• Also known as Lou Gehrig's disease, ALS afflicts some 30,000 Americans and often leads to death within a few years of diagnosis. (alzforum.org)
  • The Foundation Fighting Blindness has announced funding for seven new research projects to advance the development of treatments and cures for retinal degenerative diseases. (blindness.org)
  • Mutation screening of SLC52A3, C19orf12, and TARDBP in Iranian ALS patients. (alzforum.org)
  • Our study represents the largest multicenter screening study for GlyT2 mutations in hyperekplexia to date," the authors wrote in their paper. (phys.org)
  • First, establishment of comprehensive and efficient high-throughput screening setups will be challenging, although the rat has already been used for decades as the primary model organism in, for example, behavioral neurobiology, hypertension, and diabetes research. (genetics.org)
  • Babesiosis is a potentially serious tick-transmitted disease characterized by fever, chills, fatigue and anemia, and can be spread by blood transfusion as well as by ticks. (bio-medicine.org)
  • This work suggested that the conventional anticlotting treatments were potentially dangerous, while prenatal testing of infants for mutations in the COL4A1 gene, and Cesarean delivery of these at-risk babies, may increase their survival and even eliminate some disease features. (jax.org)
  • The newly identified genetic mutations affect how the signaling molecule glycine , which is responsible for sending messages between nerve cells , is both moved around and used in these cells. (phys.org)
  • We uncovered the genetic mutation of degenerative myelopathy, which has been unknown for 30 years, and linked it to ALS, a human disease that has no cure," said Joan Coates, a veterinary neurologist and associate professor of veterinary medicine and surgery in the MU College of Veterinary Medicine. (eurekalert.org)
  • We have used gene targeting to introduce the Muenke syndrome mutation (equivalent to P244R) into the murine Fgfr3 gene. (biomedsearch.com)
  • We conclude that although both cranial and long bone development is variably affected by the murine Fgfr3(P244R) mutation, coronal craniosynostosis is not reliably reproduced. (biomedsearch.com)
  • Neurofibrillary tangles in murine Niemann-Pick disease type C'Brain Pathology. (nii.ac.jp)
  • While it is a challenging task to identify the variants associated with inherited diseases through wet-lab based techniques, there is a need to find the causal effects of genetic changes associated with inherited diseases such as Autism, Schizophrenia, Bipolar disorder, etc. (frontiersin.org)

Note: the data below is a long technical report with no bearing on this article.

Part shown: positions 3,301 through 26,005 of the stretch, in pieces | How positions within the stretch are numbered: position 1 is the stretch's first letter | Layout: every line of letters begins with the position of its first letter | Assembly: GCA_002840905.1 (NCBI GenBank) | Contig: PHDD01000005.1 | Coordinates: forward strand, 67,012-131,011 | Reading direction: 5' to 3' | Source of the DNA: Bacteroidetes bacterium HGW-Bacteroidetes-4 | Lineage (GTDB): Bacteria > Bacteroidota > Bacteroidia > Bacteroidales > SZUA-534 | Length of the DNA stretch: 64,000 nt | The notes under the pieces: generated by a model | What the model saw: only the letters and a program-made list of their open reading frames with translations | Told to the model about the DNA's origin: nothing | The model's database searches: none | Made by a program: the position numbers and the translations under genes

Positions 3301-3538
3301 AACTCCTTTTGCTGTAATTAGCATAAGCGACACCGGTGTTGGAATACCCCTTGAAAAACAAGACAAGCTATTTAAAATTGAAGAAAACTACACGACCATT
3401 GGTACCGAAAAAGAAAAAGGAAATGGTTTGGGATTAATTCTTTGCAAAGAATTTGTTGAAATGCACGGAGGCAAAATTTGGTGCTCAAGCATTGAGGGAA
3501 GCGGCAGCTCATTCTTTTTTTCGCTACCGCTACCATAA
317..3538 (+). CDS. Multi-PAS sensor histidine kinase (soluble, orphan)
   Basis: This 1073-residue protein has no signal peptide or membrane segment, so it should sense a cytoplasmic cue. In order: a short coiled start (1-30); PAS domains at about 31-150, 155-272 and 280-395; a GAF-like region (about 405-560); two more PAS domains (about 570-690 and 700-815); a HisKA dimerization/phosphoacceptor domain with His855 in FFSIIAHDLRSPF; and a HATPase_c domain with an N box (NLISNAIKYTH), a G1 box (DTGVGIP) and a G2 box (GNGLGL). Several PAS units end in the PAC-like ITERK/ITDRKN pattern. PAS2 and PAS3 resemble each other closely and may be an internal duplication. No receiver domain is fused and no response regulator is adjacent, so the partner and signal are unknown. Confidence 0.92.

• Progressive neurological deterioration and insurgence of symptoms like ataxia, seizure, and cognitive decline until severe dementia are pathognomonic features of the disease. (hindawi.com)
  • The disease is characterized by progressive neurological deterioration and the insurgence of symptoms like ataxia, seizure, and cognitive decline until severe dementia leading to premature death [ 2 , 3 ]. (hindawi.com)
  • Leisure activity and social integration mitigate the risk of dementia related to cardiometabolic diseases: A population-based longitudinal study. (medworm.com)
  • Animal models of dementia. (ucsf.edu)
  • The study was published in the April issue of Neurobiology of Disease . (lww.com)
  • Scientists have discovered a gene mutation that allows some people to consume high levels of fat and sugar without it affecting their cholesterol levels or raising the risk of a heart attack. (scientificamerican.com)
  • Dogs with DM are likely to provide scientists with a more reliable animal model for ALS. (eurekalert.org)
  • In a world first, scientists have used gene editing to successfully repair a disease-causing mutation in human embryos, which is an achievement that marks a major step forward for the prevention of inherited diseases. (medicalnewstoday.com)
  • In recent years, scientists have looked to gene editing as a way of eliminating disease-causing mutations. (medicalnewstoday.com)
  • With new findings, scientists may be poised to break a long impasse in research on Huntington's disease, a fatal hereditary disorder for which there is currently no treatment. (rockefeller.edu)
  • For example, scientists have not been able to resolve what function the HTT gene serves normally, or how its mutation creates problems in the brain. (rockefeller.edu)
  • This symposium will unite scientists from academia, industry and government to discuss best practices for rational drug repositioning by highlighting computational methods and big data mining, open collaboration, and initiatives for rare and neglected diseases. (nyas.org)
  • This is the first time scientists have found a mutation in TDP-43 linked to a dominantly inherited form of ALS. (alzforum.org)